April 26, 2001

Forget It Not

Print More

Leonard Shelby, staring at a developed Polaroid of a man he just murdered, watches the snapshot fade white before it is placed back inside the camera. Bloody wounds heal; bullets then retract from the deceased, sucked back into a handgun, quickly concealed in the waistline of Leonard’s pants, as the recently murdered man comes to life, to his feet, and an argument ensues. In Christopher Nolan’s intricate and well-conceived Memento, this first scene is the endpoint — thereafter, time’s arrow darts backward.

In a haute khaki suit, driving a Jaguar convertible, Leonard (Guy Pearce) is on a quest, a mission of vengeance. Haunted by physical and mental anguish, he is driven to find the man (or men) who raped and murdered his wife. He studies the police reports, takes notes, photographs, asks questions. However, one rather sizable complication hinders his investigation: for any event occurring after his life-altering trauma, he has no short-term memory, forgetting encounters only moments after they occur.

“The world doesn’t just disappear when you close your eyes,” Leonard says matter-of-factly. In spite of this statement, parts of Leonard’s world constantly vanish, as he introduces himself to the same people repeatedly, ingenuously explaining his condition to them manifold times as if he never had before. Waking each morning, he has no recognition of his previous day’s actions, relying on habit, routine, and instinct to derive “facts” — what he scribbles down, snaps photographs of, and has tattooed upon his torso and limbs to guide his pursuit. He often speaks of Sammy Jankis, a name permanently scribbled on his hand, a figure from a case he recollects to have worked on (as an insurance investigator), drawing similarities to his own current experiences.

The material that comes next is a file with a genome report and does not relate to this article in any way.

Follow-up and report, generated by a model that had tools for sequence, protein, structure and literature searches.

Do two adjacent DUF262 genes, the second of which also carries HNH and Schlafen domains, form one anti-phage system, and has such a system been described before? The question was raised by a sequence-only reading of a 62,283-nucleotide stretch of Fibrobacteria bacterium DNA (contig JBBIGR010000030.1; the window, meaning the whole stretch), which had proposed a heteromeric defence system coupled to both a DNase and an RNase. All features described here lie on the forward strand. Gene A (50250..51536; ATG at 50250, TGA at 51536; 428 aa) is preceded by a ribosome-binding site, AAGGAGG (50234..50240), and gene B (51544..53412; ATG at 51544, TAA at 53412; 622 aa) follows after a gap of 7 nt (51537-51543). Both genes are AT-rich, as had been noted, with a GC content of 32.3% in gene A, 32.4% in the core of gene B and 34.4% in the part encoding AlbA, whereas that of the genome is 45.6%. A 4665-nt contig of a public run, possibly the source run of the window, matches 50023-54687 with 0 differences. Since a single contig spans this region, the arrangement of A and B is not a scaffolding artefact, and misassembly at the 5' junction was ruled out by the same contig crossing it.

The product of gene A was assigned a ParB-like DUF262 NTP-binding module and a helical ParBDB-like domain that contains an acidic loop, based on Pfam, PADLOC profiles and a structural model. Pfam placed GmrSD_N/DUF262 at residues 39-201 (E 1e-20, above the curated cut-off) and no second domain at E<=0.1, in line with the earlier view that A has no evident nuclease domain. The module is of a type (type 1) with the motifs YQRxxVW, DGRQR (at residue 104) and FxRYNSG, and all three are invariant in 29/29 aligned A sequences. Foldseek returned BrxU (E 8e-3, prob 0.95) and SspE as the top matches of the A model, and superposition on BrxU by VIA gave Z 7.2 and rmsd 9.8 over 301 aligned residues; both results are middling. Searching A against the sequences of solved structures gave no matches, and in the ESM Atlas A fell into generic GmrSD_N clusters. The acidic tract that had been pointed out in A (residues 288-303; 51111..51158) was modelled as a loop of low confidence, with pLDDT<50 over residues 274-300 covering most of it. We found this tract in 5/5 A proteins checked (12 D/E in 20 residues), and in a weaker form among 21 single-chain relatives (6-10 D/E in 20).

To his benefit (or detriment), Leonard guides himself by the rules of logic, proving facts by immediately establishing truths and falsities, looking to establish syllogisms. First impressions are the key, as he trusts only what is written down.

Written and directed by Christopher Nolan (and adapted from the short story Memento Mori by his brother Jonathan), Memento resonates as an existentialist mystery. Shot with the film-noir aesthetic of the 1940s and 50s in mind, a dusty palette of grays and browns convey the mysteriousness and isolation of Leonard and his labyrinthine probe. The sudden flashbacks, parallel recollections and intertwining of sequences exhibit Nolan’s strong sense of craft, creating a dark world, as strange and carefully constructed as Bryan Singer’s The Usual Suspects and David Lynch’s Lost Highway.

Guy Pearce, the focal fixture of Memento, is compelling as Leonard, playing a complex character eerily well: mysterious and heartfelt, neurotic and intense. Working from a superior script, the strapping Pearce strikes the right balance of assertion and contradiction, making him a sympathetic though questionable figure. One of the film’s many enigmas, he adds an extra facet of complication to the darkness and obscurity of this milieu.

Joining him in this timeless maze of Southern Californian boulevards, strip malls and roach motels, dive bars and dust-ridden abandoned lots are Teddy (Joe Pantoliano), an ebullient oddball who may or may not be a cop, and Natalie (Carrie-Anne Moss), a vexing barmaid, likewise complicated and redefined by the revelations of each successive flashback.

These disclosures never seem to reveal truth, however, as even irrefutable facts merely lead to more questions. Memory, that most unreliable of muses, proves yet again that nothing is certain: anything seen or interpreted is subjective, debatable.

The ending, or rather “beginning,” lacks the emotional punch that it could have delivered, and that is carefully and intensely sustained through much of the film. In the “beginning,” as the haze enveloping this maze clears, the resolution almost feels empty, a contrived solution, an arbitrary stoppage, as forgettable as any acquaintance or new experience is to Leonard. The draw lies largely in wondering what would come before it.

In spite of this, Nolan’s Memento is an ambitious and artful film, a crux, intricate and web-like. Deftly acted and directed, Memento awes and bewilders, often skillfully intermingling inconsistencies and resolutions, manipulating time and space, blurring artifice and reality.

Archived article by L. Weiss